Do you wonder what your body’s ideal weight actually is? Dozens of formulas based on research have been designed to calculate an ideal, healthy weight, but most people have their own idea about how many pounds that should be. A recent study has found that most people probably think their ideal weight is lower than what is considered healthy. This perception could be why the study also found that most people are unhappy with their weight.
What’s your BMI?
The most well known, and most maligned, metric for assessing a healthy—or normal weight—is body mass index (BMI). The BMI formula, which was designed in the 1830s by Belgian mathematician Lambert Adolphe Jacques Quetelet, is a person’s weight in kilograms divided by the square of their height in meters. For example, someone who is 5’-10” (1.8 meters), 160 pounds (73 kg) has a BMI of 22.5. Normal BMI is considered to be from 18.5 to 24.9. BMI below that range is underweight. Above that range is overweight. BMI 30 and above is considered obese.
Researchers at the University of Helsinki have found that most people who want to lose weight believe the ideal weight they are trying to reach is unrealistic. Based on the BMI concept, women especially believed their ideal weight was significantly below a healthy weight. What’s more, these unrealistic expectations work against them, and reduce their chances of success.
The study, published in the journal Obesity, analyzed data from the FinnTwin 16 study, a project involving nearly 5,000 Finnish men and women. Participants answered questions about their actual body weight and their perceived ideal weight at age 24 and again a decade later.
Weight gain in your future?
Most of them were unhappy with their weight at age 24 and thought it should be less. Of those with normal BMI, 20 percent of the men and 13 percent of the women were fine with that. Those women who were happy with their weight were nearly underweight, with BMI averaging about 19. Whether they were comfortable in their own skin or not, nearly all participants gained weight over ten years. Women gained an average of 11 pounds and men gained average of 14 pounds.
This weight gain may have not been an issue for those who were happy about their weight to begin with. Ten extra pounds for woman with a BMI of 19 is likely to leave her well within the normal range.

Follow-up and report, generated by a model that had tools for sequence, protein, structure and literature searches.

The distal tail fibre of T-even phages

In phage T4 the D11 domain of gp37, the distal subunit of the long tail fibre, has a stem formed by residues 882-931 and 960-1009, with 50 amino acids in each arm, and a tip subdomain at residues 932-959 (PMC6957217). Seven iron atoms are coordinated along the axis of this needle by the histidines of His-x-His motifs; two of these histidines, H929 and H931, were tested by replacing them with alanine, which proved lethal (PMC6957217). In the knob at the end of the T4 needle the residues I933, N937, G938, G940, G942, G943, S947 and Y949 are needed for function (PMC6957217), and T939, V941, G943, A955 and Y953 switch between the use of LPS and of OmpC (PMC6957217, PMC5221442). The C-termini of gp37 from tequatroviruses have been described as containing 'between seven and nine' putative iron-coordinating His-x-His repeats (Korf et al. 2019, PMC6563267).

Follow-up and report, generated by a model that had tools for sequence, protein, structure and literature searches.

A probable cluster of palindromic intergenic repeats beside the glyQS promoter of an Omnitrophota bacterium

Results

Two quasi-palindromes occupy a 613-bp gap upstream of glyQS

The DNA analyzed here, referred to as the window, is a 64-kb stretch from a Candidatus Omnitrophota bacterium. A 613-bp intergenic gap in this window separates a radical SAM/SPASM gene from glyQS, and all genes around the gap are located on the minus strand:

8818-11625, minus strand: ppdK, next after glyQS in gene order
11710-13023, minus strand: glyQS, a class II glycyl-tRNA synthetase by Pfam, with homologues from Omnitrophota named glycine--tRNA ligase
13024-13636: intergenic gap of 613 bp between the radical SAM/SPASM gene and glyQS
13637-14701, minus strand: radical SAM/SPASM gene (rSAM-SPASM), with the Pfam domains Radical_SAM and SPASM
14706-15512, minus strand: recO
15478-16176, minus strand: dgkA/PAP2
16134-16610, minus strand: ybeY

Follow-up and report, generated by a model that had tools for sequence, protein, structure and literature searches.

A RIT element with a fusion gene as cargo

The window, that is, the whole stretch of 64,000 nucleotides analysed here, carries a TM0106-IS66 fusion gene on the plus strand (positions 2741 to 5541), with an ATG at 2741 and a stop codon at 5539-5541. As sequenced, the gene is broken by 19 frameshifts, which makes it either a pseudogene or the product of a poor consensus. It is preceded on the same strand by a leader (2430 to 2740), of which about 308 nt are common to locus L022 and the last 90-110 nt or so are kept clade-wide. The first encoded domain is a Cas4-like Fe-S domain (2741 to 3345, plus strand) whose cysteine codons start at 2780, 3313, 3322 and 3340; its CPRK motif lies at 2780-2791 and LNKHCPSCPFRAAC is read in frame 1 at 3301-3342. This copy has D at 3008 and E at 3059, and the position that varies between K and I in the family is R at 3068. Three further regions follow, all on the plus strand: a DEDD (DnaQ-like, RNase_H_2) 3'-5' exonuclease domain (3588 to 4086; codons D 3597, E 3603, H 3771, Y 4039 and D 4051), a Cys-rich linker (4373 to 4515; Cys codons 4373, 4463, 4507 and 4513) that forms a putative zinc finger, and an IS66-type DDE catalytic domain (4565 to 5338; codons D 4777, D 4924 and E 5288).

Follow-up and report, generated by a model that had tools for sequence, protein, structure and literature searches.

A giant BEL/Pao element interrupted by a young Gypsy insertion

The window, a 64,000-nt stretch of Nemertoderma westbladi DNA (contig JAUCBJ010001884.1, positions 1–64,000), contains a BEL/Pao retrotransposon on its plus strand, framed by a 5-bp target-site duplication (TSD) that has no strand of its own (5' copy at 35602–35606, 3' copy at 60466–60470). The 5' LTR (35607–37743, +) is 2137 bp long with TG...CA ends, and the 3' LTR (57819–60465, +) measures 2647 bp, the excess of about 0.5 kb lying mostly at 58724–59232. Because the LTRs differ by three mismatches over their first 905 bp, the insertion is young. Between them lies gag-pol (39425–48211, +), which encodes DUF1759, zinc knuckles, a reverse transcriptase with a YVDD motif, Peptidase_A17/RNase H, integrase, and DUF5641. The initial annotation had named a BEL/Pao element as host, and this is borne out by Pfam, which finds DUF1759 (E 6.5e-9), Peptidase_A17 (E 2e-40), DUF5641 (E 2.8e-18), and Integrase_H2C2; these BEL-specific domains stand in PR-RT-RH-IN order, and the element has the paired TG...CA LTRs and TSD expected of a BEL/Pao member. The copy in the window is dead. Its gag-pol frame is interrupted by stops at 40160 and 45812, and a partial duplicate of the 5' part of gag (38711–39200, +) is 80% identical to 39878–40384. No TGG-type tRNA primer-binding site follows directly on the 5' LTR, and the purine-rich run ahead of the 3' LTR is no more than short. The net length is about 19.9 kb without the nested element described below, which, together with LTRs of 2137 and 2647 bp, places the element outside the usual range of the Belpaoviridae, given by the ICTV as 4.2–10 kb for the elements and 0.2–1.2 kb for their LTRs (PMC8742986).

What’s your ideal weight?
BMI has been widely criticized as a measure of healthy weight. After all, it was invented in the 1830s and humans are different animals now that we were then. Another formula widely used among dietitians and exercise scientists is the G.J. Hamwi formula for ideal weight, created in 1964. The Hamwi formula starts by matching the first 60 inches in height with 100 pounds for women and 106 pounds for men. For every inch above 60, add five pounds for women and six pounds for men. The ideal weight for our hypothetical person above is 166 pounds for a man and 150 pounds for a woman.
Hamwi’s ideal weight is a little more forgiving than Quetelet’s BMI, but each formula is still fairly close. Information about your body composition is the best way to know you’re at a healthy weight. Body composition involves either your body fat percentage or waist-to-hip ratio (WHR). Most people don’t have ready access to a body fat assessment, which requires either a skilled health care professional using calipers to pinch skin folds, or technology called bioelectrical impedence analysis.
What’s your WHR?
The beauty of WHR is that all you need as a tape measure. It also has nothing to do with how much you weigh. Measure your waist just above your navel, level with the top of your hipbone. Then measure you hips at their widest point, usually where your butt sticks out the most behind you. Divide your waist circumference by your hip circumference.
Men with a WHR less than 0.9, and women with a WHR less than 0.8 are probably healthy and may feel relieved that they can stop worrying about their weight so much. Those with WHRs higher than those thresholds may want to whittle them down by making healthy food choices and exercising more.
Medical News Today
Harvard School of Public Health